We might have thought those wounds were healed but if we're so destroyed by infidelity that we immediately go the "we're not worthy" mindset, then we had just done a really good job of dressing those wounds up as healed.
Thanks to infidelity, they're once again exposed to us. And though they might have been healing, we might have been on our way to that magical place called "healed", infidelity rips them wide open and we're left, again, with evidence of our injury.
I had been in therapy. I thought I'd slain those particular dragons. Turns out, I'd kept the dragons at bay but there were very much alive. And at the first sign of a crack in my own armor, they were back, with their dragon eyes of judgement, and their dragon fire of shame and disgust.
The dragons, of course, are my own worst critics. The dragons, of course, are me.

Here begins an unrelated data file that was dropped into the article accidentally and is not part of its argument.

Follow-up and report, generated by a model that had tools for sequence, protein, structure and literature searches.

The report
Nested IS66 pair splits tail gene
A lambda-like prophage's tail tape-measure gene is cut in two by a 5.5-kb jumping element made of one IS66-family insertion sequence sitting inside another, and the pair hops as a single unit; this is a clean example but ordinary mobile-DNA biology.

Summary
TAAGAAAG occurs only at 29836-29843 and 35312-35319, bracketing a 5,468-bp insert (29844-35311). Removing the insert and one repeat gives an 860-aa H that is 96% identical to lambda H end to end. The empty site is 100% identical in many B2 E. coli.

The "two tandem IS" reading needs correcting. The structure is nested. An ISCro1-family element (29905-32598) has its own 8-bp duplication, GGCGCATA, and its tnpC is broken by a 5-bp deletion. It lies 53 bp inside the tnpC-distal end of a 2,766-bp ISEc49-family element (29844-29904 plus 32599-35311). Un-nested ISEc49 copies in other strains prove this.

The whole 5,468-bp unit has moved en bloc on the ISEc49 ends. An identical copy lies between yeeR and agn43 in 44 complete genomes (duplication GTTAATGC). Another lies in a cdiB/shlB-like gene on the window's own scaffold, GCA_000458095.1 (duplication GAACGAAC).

My conversations with myself were more like indictments about everything I was doing wrong, from the careless remark I made at a cocktail party to the dust behind my refrigerator.
But I didn't recognize my own pain. I thought I'd healed.
I thought healed looked like a perfect marriage and well-behaved children and lots of friends and a busy social life. Add in a successful writing career to show the world how accomplished I was. Turns out "healed" looked an awful lot like perfection. And perfection, I've come to learn, looks an awful lot like a pretty band-aid over a festering wound of shame.
Perfection covered a need to prove to the world that "see, I am worthy! I am smart. I am pretty. I am successful." Thing is, if I'd actually believed those things, I wouldn't have needed to prove it to anyone.
There are gifts in betrayal, if we're willing to look for them. For me, the retrauma of infidelity revealed just how shaky my sense of worth was – a worth based on achievement. Consequently, learning how to be kind to myself, which was nothing I'd ever allowed myself before, has transformed me.
I now know that healed is compassion and kindness and lack of judgement. Healed is about giving myself permission to be who I am, flaws and all. More than that, it's about giving everyone else permission too. It's knowing that I'll never be fully healed and that's okay because none of us are.